composure and confidence which to many natures is not only inscrutable but absolutely repelling, but which, nevertheless, was the especial quality which enabled him to succeed.
He pushed his army through such a month of ceaseless and seemingly resultless battle as the world has hardly ever seen; dealing, however, as he knew, the blows from which his antagonist would never recover.
In the Wilderness
the rebellion received its death stroke.
It lingered months afterwards, and all the skill and strength of the nation and its soldiers were required to push the blade to the heart, but the iron entered in May, 1864.
But for just this terrific strife, just this persistent attack, just this bloody wage, the result would have been deferred or different.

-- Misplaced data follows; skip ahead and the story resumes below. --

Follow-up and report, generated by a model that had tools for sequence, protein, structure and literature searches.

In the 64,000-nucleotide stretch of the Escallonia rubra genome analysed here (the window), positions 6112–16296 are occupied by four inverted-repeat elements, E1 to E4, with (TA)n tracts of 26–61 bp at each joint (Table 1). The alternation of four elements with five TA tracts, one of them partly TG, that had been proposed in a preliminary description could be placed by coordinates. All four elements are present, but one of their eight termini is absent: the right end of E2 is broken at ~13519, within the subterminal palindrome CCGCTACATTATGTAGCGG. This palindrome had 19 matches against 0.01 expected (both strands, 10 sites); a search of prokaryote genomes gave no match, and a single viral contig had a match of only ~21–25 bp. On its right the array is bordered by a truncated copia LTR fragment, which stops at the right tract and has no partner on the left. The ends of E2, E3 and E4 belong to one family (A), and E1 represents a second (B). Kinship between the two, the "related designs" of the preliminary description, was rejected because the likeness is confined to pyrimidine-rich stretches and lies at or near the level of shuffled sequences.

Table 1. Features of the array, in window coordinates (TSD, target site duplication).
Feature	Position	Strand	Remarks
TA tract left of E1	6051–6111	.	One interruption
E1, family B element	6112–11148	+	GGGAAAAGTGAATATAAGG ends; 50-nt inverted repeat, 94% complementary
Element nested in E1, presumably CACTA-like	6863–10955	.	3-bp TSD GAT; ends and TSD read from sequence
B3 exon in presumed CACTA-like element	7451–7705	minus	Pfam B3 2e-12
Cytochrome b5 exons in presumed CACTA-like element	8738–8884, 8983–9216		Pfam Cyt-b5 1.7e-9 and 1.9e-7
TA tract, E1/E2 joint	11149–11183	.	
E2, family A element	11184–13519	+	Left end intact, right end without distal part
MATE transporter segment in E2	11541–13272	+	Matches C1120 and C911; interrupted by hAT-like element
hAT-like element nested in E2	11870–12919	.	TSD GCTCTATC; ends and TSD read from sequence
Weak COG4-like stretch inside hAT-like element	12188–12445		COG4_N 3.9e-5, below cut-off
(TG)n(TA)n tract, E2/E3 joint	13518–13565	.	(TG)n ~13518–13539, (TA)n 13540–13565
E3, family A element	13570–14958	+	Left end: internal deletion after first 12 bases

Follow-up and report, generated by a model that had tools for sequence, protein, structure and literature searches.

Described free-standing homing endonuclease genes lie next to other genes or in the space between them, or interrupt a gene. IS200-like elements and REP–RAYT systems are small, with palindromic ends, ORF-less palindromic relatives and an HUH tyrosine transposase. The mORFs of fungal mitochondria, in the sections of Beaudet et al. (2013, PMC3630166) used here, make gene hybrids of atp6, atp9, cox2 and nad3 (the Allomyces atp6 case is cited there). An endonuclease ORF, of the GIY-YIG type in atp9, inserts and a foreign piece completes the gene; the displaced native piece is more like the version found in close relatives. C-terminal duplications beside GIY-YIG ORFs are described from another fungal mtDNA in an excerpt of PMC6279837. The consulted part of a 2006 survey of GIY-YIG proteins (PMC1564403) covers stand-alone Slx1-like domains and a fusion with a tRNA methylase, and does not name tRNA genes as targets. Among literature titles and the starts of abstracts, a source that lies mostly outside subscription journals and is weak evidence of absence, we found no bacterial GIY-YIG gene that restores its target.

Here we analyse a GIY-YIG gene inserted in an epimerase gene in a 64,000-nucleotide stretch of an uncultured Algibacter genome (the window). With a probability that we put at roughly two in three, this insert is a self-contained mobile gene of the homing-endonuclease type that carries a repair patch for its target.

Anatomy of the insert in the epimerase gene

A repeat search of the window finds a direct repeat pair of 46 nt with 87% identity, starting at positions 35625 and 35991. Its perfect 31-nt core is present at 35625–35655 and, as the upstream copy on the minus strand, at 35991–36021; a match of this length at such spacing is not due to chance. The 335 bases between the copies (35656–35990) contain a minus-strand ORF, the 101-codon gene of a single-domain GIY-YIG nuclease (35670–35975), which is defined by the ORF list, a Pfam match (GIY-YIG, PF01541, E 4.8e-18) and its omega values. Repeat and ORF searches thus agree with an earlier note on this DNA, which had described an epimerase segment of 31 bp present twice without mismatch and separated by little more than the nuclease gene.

But the rebels felt that this commander could neither be deterred nor avoided; that no skill nor fortitude could elude or withstand the man who wielded such weapons with such unintermitting power.
They lost not only force, but heart, in the Wilderness
When the month of war was over and the smoke had cleared away, the nation failed to perceive the actual result, and the government, though determined, was not sanguine.
The enemy, too, was still desperate.
The rebels, indeed, always hated more bitterly and more passionately than their opponents.
As they wished to separate forever, they cared neither to spare nor propitiate those with whom they fought; while the national forces, desiring to bring about the old Union, always spared their adversary when he was down, and constantly strove to propitiate even while injuring; did not regard a rebel as a personal foe, but a misguided countryman;